Houses of worship, funeral guidelines released in W.Va.
Under the state of West Virginia’s plan to reopen the state as a result of the COVID-19 Pandemic houses of worship are not included in the rules of public gatherings smaller than 25, Gov. Jim Justice said during a news conference Thursday.
"We've got guidelines on how they can go and how they can and have really wonderful worship with their families and stay a pew apart, stay with their families, wear masks," Justice said. "All those guidelines are on our website and everything. I understand how they could pick up on the 25 and how that could be misunderstood, but that does not apply to our churches. We want our churches to rejoice and do exactly what's on our website."
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The guidelines suggest that places of worship add additional services, as well as create a seniors-only service to help protect members of the vulnerable population.
In addition, the guidelines say that congregants should sanitize their hands and wear masks. Furthermore, it's suggested that offering plates not be passed, rather a central offering box be used, and that people are seated in every other pew.
"I am encouraging churches to refrain from in person worship until at least the end of May. That will allow leadership teams to work through the guidelines and to be more prepared for people to gather safely," said Bishop Sandra Steiner Ball, area bishop of the West Virginia Conference of The United Methodist Church.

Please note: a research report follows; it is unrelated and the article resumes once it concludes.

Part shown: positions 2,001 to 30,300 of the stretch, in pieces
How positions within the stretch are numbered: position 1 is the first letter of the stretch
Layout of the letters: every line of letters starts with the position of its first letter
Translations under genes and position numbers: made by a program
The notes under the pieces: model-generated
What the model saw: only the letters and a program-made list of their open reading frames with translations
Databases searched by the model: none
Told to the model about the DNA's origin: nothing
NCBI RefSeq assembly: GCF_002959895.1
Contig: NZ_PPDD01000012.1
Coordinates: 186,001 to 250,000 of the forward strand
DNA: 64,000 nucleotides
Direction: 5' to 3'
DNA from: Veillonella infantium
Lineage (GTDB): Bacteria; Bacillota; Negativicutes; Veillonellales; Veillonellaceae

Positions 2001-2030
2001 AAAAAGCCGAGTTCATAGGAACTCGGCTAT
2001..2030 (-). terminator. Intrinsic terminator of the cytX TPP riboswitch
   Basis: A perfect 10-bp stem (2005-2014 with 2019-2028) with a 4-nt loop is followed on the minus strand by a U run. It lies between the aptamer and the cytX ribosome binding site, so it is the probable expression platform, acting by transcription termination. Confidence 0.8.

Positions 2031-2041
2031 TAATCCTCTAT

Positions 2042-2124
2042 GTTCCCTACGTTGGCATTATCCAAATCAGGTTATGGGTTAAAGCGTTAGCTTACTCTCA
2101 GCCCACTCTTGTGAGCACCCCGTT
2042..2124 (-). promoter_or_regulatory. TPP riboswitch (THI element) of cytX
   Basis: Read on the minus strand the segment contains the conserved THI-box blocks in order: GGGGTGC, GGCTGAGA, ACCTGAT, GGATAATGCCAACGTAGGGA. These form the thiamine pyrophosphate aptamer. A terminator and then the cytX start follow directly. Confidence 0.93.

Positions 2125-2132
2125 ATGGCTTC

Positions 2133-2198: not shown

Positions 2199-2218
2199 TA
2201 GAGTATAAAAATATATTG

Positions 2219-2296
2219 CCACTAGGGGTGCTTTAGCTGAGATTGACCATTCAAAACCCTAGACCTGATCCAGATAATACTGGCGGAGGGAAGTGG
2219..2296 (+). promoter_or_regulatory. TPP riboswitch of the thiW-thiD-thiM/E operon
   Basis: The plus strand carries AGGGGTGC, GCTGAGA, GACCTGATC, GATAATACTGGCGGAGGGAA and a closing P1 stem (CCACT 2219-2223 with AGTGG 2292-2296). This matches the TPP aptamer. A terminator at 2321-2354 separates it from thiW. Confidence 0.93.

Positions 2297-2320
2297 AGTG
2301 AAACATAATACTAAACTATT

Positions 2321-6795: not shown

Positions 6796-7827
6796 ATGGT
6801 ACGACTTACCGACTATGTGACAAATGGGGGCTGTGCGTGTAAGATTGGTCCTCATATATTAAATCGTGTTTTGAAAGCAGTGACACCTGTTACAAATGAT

"We are going to continue to exercise caution at our synagogue and remain virtual in everything we do for the foreseeable future. We will continue to listen to health authorities who urge caution when it comes to vulnerable citizens. We have had tremendous success being connected in daily worship and study through technology," said Rabbi Victor Urecki of Charleston's B'Nai Jacob Synogauge.
The guidelines recommend keeping childcare services provided by the house of worship closed, unless the place of worship can comply with CDC guidelines.
During this time of social distancing, so many clergy members have worked to adapt their services online and those types of services are still being encouraged, especially so that those who are sick or a member of a vulnerable population can watch from home.
The guidelines set forth for churches also include funeral services, according to the document issued by the state.